By Michael Grey*
It was the annual “Day of the Seafarer” last week, not that anyone outside the maritime world actually noticed, although some institutions, managers and maritime employers made kindly pronouncements about the value of these essential workers. It came a few days after the publication of the latest Mission to Seafarers and Standard Club Seafarers’ Happiness Index, which, perhaps predictably, showed this indicator of joy sinking to new lows.
I suppose we cannot be surprised at this lack of enthusiasm for the life seafarers lead at sea, after more than two years of accumulated misery caused by the pandemic and their confinement for months, even years, on end aboard their ships. Few seafarers these days are motivated by the search for adventure and the lure of foreign ports which enthused many of their predecessors, but the shameful treatment of this forgotten workforce in so many of the world’s ports is bringing its predictable reward. There is a genuine manning crisis today and the industry is beginning to feel the loss of a lot of talented people who are electing to stay ashore rather than return to a job which did not appear to value them.
Seafarers are no different from their opposite numbers in shore occupations and the pandemic has made vast numbers rather more introspective about what they do for a living. And as always, it will be the brightest and best who will tend to go and do something different, where their lives might just be better and more meaningful. Marine employers will be left trying to fill the vacancies they leave behind them.
A positive trend: best employers improving ‘packages’
If there are any positive things to register, it is that the best employers are themselves taking a hard look at what they offer and seeking to address their employment “packages”. It is not just a matter of money, although this is important, to attract and retain staff, but what might be described as the fringe benefits that make one employer stand out from others. Surveys of seafarers’ attitudes invariably throw up the importance of connectivity and affordable internet and telephone communications and the best employers are reacting appropriately. And there is no excuse not to provide better connectivity for crews, as there are good deals to be done with providers.
Good employers are also taking a look at tour lengths, improved arrangements for payment and allotments, saving schemes and pension provision, along with medical services for seafarers to provide protection for both their time afloat and ashore. These will make a great difference to those who live in countries where medical services are either costly or poorly provisioned. It is also notable that the standard of accommodation and on-board catering are issues that increasingly matter to seafarers and which can serve to discriminate between employers. It is also a positive sign that there is much more open discussion about “wellness” issues, whether it be related to physical or mental health. There is more recognition of the industry’s record on health and safety and the lamentable suicide rate. A generation ago these matters would have been largely ignored.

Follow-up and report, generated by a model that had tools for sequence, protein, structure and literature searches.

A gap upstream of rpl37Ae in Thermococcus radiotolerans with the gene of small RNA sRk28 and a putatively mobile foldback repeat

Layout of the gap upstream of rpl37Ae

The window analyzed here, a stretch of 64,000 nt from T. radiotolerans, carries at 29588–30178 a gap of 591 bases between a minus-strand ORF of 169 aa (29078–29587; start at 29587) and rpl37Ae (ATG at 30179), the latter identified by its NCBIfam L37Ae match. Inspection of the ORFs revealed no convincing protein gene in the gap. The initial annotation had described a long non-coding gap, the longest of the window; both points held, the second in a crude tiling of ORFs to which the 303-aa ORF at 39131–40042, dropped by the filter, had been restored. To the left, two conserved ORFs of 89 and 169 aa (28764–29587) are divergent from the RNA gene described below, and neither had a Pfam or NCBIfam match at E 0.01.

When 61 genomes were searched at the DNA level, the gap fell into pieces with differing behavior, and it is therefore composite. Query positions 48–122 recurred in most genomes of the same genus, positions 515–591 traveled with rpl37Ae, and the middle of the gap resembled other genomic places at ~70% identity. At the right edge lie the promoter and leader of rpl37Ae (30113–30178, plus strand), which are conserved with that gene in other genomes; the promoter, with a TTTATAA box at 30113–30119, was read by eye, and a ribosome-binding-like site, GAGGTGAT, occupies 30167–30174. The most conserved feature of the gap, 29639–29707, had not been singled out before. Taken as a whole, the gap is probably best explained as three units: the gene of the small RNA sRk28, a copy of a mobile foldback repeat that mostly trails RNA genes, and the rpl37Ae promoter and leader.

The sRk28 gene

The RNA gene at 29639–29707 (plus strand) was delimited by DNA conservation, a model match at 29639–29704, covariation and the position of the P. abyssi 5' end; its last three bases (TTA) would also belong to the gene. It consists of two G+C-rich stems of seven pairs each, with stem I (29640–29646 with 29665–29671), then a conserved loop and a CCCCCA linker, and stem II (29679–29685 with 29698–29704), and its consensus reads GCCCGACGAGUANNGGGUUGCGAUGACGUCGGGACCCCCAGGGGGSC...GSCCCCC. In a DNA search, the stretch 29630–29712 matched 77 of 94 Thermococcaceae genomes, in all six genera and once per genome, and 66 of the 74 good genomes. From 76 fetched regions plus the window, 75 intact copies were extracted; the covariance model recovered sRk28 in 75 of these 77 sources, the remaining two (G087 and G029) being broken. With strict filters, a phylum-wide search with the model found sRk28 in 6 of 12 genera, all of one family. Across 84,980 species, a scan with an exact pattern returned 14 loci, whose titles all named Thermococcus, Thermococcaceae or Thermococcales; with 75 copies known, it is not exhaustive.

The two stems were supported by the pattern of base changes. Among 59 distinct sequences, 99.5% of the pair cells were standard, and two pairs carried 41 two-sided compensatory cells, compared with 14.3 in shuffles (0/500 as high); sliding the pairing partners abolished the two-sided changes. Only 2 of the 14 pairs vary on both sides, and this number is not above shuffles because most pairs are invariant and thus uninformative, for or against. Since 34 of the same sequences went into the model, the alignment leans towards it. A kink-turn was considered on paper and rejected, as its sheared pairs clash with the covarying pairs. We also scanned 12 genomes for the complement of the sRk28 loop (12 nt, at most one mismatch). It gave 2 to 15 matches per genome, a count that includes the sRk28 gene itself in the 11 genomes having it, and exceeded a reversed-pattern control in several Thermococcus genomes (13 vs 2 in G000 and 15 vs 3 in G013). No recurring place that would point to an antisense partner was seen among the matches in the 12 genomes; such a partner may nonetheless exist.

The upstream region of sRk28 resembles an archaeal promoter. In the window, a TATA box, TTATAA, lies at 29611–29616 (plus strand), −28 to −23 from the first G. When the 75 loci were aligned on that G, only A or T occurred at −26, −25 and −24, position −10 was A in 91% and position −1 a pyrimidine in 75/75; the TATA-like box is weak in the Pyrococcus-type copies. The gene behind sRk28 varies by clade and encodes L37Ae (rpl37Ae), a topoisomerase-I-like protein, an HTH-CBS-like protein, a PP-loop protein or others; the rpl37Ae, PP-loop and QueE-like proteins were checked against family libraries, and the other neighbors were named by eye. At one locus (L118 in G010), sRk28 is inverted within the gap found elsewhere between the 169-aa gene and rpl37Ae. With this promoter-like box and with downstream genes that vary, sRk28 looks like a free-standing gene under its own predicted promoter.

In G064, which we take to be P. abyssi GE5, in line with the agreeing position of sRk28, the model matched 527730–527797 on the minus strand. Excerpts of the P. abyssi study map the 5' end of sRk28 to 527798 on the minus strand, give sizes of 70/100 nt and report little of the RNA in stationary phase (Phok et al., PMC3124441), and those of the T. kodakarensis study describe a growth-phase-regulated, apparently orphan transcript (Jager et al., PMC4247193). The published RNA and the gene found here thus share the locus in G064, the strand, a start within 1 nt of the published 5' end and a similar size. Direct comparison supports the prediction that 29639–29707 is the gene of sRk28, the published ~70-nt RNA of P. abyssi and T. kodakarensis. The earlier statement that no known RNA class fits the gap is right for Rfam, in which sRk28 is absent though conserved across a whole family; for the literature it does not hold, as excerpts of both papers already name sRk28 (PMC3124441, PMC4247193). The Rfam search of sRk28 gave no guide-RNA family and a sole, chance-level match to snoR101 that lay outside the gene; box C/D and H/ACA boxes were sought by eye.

So far, so good and hopefully the employers who can offer something better than was available in the past will benefit from their ability to recruit the more capable seafarers, just as long as they can find them. Nevertheless, there has always been a wide spectrum in what has been on offer for the questing maritime employee and it is regrettably the case that these divisions between the best and worst are probably widening.
With maritime employment, unlike that ashore, it just isn’t true that any improvements to wages and conditions will “float all boats”- across the board. In the global bazaar in which ship manning operates, there will be plenty of employers, manning agencies and the like, which will remain oblivious to any pressure to improve, because they know they don’t have to.
They know that there will always be, as there always has been, huge numbers of potential seafarers, somewhere in the world, desperate for any form of employment, no matter how awful it might be, because they will have few other opportunities for work in their benighted countries of origin. Paradoxically, it is the employers who care about standards and quality who will be experiencing the difficulties of recruitment, post-pandemic. And that’s not cynicism – but the reality which has always seen the shipping industry populated by the good, the bad and the ugly.
(Mission To Seafarers photo)
*Michael Grey is former editor of Lloyd’s List. This column is published with the kind permission of Maritime Advocate Online.